We’ve all read a number of interesting comments by our classmates on race relations here at Williams College. Many general points have been made and people have tried to trace the problem to a source. But inevitably, that source is some massive and difficult to locate entity like “the BSU” or “white people.” We all know that even if these groups were the source, we cannot expect a large body of people just to change. So why aren’t we publicly examining our campus leadership?
This school is filled with organizations and those organizations have student and faculty leaders. While this is, by no means, the source of the problem, this could be the location of its remedy.
How do we convince complacent students that community building is an important task? We choose campus leaders whose visible actions verify the importance of an integrated community.
How do we make certain organizations within Williams seem less like race-based cliques? We bring these institutions back to the greater community by choosing leaders directly from the campus.
If a chosen leader is someone who would otherwise be separate from the campus, then it should come as no surprise that students complain that these organizations are divisive.
As it turns out, the administration has recognized the need to bridge the many communities at Williams through internal leadership. President Payne recently wrote, “I think faculty can be more broadly woven into the institution and activities of the MCC, and the appointment for the first time of a faculty member as head of the MCC is an important step in that direction.” Indeed, having a Williams professor as head of the MCC should help bring the minority organizations into the greater community. Unfortunately, there are still leaders missing.
Abigail Naomi Jackson wrote an article two weeks ago pointing out the need for “mentors with whom [students] can relate both academically and personally.” I wish to extend this point. It is equally important that students seek leadership and support from mentors who do not look like them, with whom they do not relate and who share little common background with them. That is the essence of community. Only then can all students feel they are invited members of a Williams community.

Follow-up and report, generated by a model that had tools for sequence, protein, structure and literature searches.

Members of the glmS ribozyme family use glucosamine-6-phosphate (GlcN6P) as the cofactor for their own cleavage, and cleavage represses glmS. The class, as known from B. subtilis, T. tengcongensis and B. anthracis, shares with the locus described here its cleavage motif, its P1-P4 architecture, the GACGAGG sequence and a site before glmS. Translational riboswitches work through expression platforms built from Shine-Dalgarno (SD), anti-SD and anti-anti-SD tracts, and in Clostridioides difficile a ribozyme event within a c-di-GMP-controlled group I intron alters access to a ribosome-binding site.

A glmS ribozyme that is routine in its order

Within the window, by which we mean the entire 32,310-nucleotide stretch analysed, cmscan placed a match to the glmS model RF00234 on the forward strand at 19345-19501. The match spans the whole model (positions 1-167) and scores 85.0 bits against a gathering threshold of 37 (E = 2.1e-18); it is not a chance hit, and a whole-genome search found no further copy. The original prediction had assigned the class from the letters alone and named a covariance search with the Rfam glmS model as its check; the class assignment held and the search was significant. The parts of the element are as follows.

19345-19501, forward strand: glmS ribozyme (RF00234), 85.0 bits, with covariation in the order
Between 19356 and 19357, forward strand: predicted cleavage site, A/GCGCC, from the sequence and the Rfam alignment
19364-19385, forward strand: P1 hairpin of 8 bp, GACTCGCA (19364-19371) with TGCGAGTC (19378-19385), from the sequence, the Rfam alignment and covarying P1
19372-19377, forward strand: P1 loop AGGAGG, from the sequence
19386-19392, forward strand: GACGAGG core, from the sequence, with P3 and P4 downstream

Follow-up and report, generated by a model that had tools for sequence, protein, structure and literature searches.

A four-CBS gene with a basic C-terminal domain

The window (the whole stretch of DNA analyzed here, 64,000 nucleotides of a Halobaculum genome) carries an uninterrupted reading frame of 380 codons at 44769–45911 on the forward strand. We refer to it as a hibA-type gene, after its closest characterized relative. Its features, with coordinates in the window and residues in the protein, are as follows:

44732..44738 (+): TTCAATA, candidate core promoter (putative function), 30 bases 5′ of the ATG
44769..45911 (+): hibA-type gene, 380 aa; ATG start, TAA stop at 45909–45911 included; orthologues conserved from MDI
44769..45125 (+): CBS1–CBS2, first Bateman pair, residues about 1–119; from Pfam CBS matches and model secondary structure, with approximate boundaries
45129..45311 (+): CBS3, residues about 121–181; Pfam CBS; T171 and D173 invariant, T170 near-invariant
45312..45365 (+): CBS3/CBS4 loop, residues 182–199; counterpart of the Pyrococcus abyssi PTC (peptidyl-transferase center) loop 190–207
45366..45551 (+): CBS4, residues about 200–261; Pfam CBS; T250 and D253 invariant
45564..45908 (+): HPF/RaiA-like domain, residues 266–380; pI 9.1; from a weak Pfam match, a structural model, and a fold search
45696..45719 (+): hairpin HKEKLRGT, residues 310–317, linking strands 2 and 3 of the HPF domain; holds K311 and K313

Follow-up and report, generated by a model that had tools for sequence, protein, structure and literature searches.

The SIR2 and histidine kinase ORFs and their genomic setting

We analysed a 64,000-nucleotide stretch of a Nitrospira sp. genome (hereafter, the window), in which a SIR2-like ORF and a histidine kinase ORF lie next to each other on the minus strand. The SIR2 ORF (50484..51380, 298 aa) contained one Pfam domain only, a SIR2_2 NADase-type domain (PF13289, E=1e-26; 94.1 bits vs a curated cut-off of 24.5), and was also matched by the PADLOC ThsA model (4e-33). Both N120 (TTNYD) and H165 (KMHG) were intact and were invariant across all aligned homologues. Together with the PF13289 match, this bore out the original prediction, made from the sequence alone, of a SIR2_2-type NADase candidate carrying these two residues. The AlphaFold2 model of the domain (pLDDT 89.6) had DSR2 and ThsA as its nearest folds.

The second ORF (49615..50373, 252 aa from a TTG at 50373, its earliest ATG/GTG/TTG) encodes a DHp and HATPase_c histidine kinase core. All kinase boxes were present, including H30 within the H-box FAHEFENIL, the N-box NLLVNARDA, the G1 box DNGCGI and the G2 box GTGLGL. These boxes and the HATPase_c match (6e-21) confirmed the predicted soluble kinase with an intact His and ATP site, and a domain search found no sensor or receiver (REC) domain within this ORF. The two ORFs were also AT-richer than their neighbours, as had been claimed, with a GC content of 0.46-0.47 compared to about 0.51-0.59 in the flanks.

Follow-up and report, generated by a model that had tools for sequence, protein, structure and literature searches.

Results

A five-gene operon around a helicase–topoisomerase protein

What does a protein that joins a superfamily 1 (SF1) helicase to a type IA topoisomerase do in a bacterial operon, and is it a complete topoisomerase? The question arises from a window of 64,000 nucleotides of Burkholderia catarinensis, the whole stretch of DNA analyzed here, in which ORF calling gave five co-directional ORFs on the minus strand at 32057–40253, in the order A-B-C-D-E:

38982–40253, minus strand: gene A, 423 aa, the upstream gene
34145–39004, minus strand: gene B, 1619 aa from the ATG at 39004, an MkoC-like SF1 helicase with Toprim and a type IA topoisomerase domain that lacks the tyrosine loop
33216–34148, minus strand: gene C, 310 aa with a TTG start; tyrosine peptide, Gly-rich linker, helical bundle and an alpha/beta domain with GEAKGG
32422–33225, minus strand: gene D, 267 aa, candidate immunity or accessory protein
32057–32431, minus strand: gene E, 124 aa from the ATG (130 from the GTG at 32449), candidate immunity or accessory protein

I stress the difference between acceptance and invitation. Simply accepting the presence of minority groups and cultures is not enough. We need a base of leadership, both students and faculty, whose broad community participation will show the rest of us what kind of community we strive for. Genuine leadership must cross genres.
Take, for example, the Martin Luther King Day celebration in Chapin Hall. There were enough white people in the audience to fill a hockey rink (if you’re playing four-on-four). The absence of white students at such a function is a disgrace to our school. But what kind of message are our leaders sending those students (many of whom feel that race relations are just fine) if they don’t show up either?
I’ve been given the explanation that professors and administrators have their own lives after five o’clock. I respect that; we all should.
But that didn’t stop a host of minority faculty members from showing up. That also hasn’t stopped plenty of faculty members from going to sports events, concerts and other off-hours events. The audience at the MLK Day celebration indicates a need for more visible and active leadership from all ends. We should begin responding by getting ourselves a dynamic president who will dig his or her hands deep into the Williams community and make his or her presence felt by all Williams students.
I don’t want to suggest that choosing the right president (or any individual leader for that matter) will solve the problem of race relations on campus. There should be no mistake about it: bridging the racial gaps on campus will require the humility, maturity and effort of every single student here. But it won’t happen without strong, visible leadership.
Very soon, we will be choosing a leader whose presence alone will influence this campus. We pride ourselves on community. We need to make sure we get a president who can offer us just that.